7:03 PM GMT on July 26, 2007
oh, sorry, I can put it back
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396. Randyman
7:02 PM GMT on July 26, 2007
Posted By: Tropicnerd13 at 6:15 PM GMT on July 26, 2007.

know what? it is called allison's evil step sister chatanal. and it has an eye already. and i'm gonna go camping in it and watch other people's tents blow over. and then it will do exactly what allison did and turn back into the gulf and go up the east coast. anyone agree? it seems like the same thing is happening.




Here's the 1989 version of the evil step-sister's one-two punch that flooded the Houston area that year...

Allison...
>Link

Chantal...
Link
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395. PalmHarbor
7:02 PM GMT on July 26, 2007
heh the bold was easier to read:)
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394. GaTechNukE
7:01 PM GMT on July 26, 2007
I got it.

This shouldn't be bold.
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393. taco2me61
6:51 PM GMT on July 26, 2007
Well i thought this storm in the GOM would make TD just before land fall and now I think it really can. Although it will be a Big Rain Maker for everybody on the Gulf Coast from TX to MS then move eastward through the Carolina's...

It is going to be close to land but it can happen....

Taco:0)
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392. Dodabear
2:49 PM EDT on July 26, 2007
.
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391. Blink
6:55 PM GMT on July 26, 2007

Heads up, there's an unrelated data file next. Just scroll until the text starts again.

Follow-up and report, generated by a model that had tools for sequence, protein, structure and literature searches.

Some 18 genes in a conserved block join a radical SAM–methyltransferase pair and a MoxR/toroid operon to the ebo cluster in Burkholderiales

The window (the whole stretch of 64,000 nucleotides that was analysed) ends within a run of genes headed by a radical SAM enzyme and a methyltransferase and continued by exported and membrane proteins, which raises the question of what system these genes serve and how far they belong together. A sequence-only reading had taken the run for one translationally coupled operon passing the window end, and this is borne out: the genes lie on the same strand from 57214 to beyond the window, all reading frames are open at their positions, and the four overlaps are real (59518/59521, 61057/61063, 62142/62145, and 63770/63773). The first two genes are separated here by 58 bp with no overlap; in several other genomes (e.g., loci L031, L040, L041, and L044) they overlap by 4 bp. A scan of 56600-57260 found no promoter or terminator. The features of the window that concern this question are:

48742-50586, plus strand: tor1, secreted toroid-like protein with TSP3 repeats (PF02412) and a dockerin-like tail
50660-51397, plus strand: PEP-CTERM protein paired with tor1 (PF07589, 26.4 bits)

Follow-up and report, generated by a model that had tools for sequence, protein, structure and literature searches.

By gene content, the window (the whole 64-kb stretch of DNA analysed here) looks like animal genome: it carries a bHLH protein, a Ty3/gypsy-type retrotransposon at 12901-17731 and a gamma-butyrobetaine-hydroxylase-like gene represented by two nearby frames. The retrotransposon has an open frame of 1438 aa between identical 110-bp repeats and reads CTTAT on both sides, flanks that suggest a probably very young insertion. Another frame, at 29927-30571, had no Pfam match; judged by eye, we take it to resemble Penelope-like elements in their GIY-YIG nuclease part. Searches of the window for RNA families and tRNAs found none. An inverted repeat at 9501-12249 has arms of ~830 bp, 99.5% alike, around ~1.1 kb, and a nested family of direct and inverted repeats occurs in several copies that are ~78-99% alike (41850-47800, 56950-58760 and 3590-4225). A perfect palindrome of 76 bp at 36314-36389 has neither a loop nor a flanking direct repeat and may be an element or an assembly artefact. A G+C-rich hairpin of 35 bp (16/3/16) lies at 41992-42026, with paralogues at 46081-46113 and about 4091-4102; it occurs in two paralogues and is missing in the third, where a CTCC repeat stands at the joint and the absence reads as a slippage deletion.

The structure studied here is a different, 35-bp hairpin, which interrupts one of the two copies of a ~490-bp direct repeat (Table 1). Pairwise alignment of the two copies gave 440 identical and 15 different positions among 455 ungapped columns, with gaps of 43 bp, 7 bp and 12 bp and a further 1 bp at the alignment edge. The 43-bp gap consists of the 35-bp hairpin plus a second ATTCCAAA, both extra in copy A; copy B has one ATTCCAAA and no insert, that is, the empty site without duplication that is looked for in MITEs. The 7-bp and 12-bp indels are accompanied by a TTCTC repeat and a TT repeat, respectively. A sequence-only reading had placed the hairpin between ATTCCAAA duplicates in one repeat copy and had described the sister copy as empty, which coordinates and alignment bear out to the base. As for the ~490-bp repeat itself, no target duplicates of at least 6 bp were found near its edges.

You can see here 0n this loop link the area of convection. I see little bit of spin and convection flaring up.

Link
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390. GaTechNukE
6:54 PM GMT on July 26, 2007
I'm just trying to kill the bold...
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389. Drakoen
6:53 PM GMT on July 26, 2007
that convection is under the influence of an upper level low over SW texas and a upper high over the yucatan peninsula (like i said yesterday). It should bring some heavy rains to Texas and Lousiana.
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386. Blink
6:51 PM GMT on July 26, 2007
I don't think the NHC will call anything from this until they see pressure falling and a low sfc area.
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385. Caffinehog
6:47 PM GMT on July 26, 2007
you can see the weak rotation here.
Link
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384. NorthxCakalaky
6:45 PM GMT on July 26, 2007
Posted By: StormW at 6:45 PM GMT on July 26, 2007.

Posted By: jphurricane2006 at 6:36 PM GMT on July 26, 2007.

hmmmm can storms go from west to east that far out in the Atlantic?

Yes...in fact, if you go to the Satellite Services Division site and run the RGB loop (13N;32W)...you'll have to zoom in...look real close...at the surface you acn see what appears to be a low moving toward a NE fashion. There seehs to be a weakness in the mid level there. My guess is what the GFS is showing is...this weakness passes over the north portion of this, then the ridge kicks it back toward the west again

Yes..Thank you everyone.. :)
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381. Caffinehog
6:42 PM GMT on July 26, 2007
GOM blob:
Cyclonic rotation,
lower level convergence,